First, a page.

Closely following the development of Soviet rational hypnotherapy, starting in the 1920s, the eminent American psychologist Clark L. Hull, one of the pioneers of behaviourism, carried out an extensive programme of laboratory research on hypnosis which culminated in the publication of the first major textbook reviewing scientific research in the field of hypnosis, Hypnosis & Suggestibility (1933). On the basis of many experimental studies, Hull concluded that hypnosis was not a sleep-like state and could only be characterised in terms of suggestion and heightened suggestibility. Hull’s behavioural theory of hypnosis, and the work of Pavlovian hypnotherapists in the Soviet Union, were part of the inspiration for early behaviour therapists seeking a radical alternative to the “Freudian Empire” which dominated Western psychotherapy until the 1960s. Andrew Salter drew upon both of these traditions in developing his own “conditioning” approach to hypnotherapy, which employed behavioural shaping methods as a vehicle for skills training in self-hypnosis. Salter was one of the founders of Western behaviour therapy which he termed, in his book of the same name, Conditioned Reflex Therapy (1949).
The Original Ideo-Motor Theory of Hypnosis (Braid & Carpenter)
Hull’s influential behavioural research and Sarbin’s social “cognitive” theory of behaviour constituted two major precursors of Barber’s “cognitive-behavioural” theory of hypnosis and subsequent “nonstate” perspectives. However, there are many other important precursors of cognitive-behavioural theory and practice in hypnotherapy and elements of both can be traced all the way back to the writings of James Braid, the Scottish surgeon who coined the term “hypnotism” and founded hypnotherapy in the 1840s.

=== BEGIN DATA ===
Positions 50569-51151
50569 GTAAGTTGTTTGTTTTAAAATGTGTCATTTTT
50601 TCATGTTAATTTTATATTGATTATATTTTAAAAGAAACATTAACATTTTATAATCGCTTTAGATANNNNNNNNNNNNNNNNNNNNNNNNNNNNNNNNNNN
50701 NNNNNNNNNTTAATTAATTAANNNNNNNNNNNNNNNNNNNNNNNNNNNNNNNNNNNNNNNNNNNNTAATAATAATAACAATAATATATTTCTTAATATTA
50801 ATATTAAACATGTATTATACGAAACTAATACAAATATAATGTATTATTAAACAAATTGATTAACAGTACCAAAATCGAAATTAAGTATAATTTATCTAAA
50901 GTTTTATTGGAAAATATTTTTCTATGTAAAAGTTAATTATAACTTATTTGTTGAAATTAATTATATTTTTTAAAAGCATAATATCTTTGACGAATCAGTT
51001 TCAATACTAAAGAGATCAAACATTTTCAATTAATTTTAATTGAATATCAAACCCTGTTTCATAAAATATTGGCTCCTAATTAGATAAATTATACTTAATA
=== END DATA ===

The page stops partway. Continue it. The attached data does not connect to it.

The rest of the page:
Braid initially emphasised the concept of hypnosis as a “peculiar” sleep-like state, although he explained that 90% of his patients remained fully conscious. He therefore appears to have meant that hypnotic subjects typically appeared externally relaxed or asleep, although their mind remained conscious and focused. His basic method consisted of fixating the subject’s attention upon a monotonous stimulus or idea in order to induce progressively deeper states of relaxation and fatigue.
However, Braid soon revised his theory of hypnosis, responding, in part, to the research of his ally Prof. William B. Carpenter of the RoyalInstitution, an eminent English scientist who is sometimes regarded as a precursor of American behaviourism. Carpenter developed the concept of “Mental Physiology”, an early attempt to study the relationship between the physical functioning of the nervous system and the realm of human psychology. Carpenter coined the term “ideo-motor reflex” in 1852 to describe the basic psychological mechanism underlying various involuntary or unconscious behaviouralresponses to ideas. Braid adopted Carpenter’s theory as the basic explanation of hypnotic suggestion and argued that hypnotic therapy worked by increasing mental focus or concentration upon “dominant ideas” in order to increase the ideo-motor reflex response, or response to suggestion.
Braid himself concluded that the term “hypnotism” (meaning sleep), which he introduced, tended to confused his patients into believing that they should be unconscious rather than focusing their conscious attention upon certain images and ideas. He therefore considered restricting the term “hypnotism” to 10% of his patients who did exhibit a sleep-like level of relaxation accompanied by fatigue.